We go around the table and hear stories of women who married from abroad and suffered domestic violence for years and women who lost their families in brutal conflict in Syria. As the women share their background I’m struck by how many of them have been stripped of their identity by the loss of common language. Around the table in a shabby Community Centre were teachers, agricultural engineers, researchers and policy makers. Without Bahar Afghan Women’s Association and others like them providing language classes to those not confident enough to attend colleges they would never recover this identity or have the chance to create a new one.
One of the people at the meeting is frustrated with the lack of support for groups like this one. They talk about the role they have in supporting with everything from welfare support and integration to domestic violence and yet groups like this are not recognised and regularly funded for the work that they do.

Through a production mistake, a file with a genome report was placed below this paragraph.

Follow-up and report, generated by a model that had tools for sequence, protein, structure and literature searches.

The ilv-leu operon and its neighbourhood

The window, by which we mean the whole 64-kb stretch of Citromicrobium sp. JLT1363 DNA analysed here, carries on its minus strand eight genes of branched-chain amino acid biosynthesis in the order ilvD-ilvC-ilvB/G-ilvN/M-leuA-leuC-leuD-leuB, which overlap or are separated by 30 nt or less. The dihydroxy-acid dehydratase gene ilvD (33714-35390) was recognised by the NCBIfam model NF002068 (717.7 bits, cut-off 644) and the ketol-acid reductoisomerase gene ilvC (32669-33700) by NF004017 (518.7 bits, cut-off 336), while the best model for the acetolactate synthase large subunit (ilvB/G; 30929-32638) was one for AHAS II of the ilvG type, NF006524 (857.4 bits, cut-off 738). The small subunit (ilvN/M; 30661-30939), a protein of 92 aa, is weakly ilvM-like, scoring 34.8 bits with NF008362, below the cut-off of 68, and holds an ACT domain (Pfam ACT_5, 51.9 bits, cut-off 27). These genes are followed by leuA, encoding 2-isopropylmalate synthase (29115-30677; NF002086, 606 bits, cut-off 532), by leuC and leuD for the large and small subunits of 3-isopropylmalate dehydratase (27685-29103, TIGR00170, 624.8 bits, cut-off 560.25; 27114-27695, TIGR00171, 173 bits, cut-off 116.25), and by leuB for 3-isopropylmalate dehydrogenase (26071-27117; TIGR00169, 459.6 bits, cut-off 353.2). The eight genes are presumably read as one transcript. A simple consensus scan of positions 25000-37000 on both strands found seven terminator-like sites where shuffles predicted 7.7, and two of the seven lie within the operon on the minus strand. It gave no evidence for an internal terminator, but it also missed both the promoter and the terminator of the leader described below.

At the end of the meeting Bahar asks what those around the table can do to support the work of the association. She is again determined and to the point – she doesn’t want words, she wants actions because that’s how the group can keep going.
When I ask about culture they don’t talk about art, poetry, food and the things they do in their spare time. Culture for this group isn’t about activities or even spaces and places. To the Bahar Afghan Women’s Association culture means generosity, fierce determination, courage, openness and solidarity. It’s about the values that transcend nationalities, genders and ages.
As I’m leaving Angela tells me about lady who came for an Eid celebration. She says it wasn’t much, everyone brought what they could and at the end the lady was found sobbing in a corner because it was the first time she had felt at home in two years. She gives me a massive hug and thanks me profusely for attending, like just by being there I somehow did her a favour and I realise that sometimes culture is the small things that fall between the cracks.
Bahar Afghan Women’s Association meet every Monday at Lincoln Green Community Centre 11am-1pm. They offer English Classes, Computer Courses and support, conversation and informal counselling.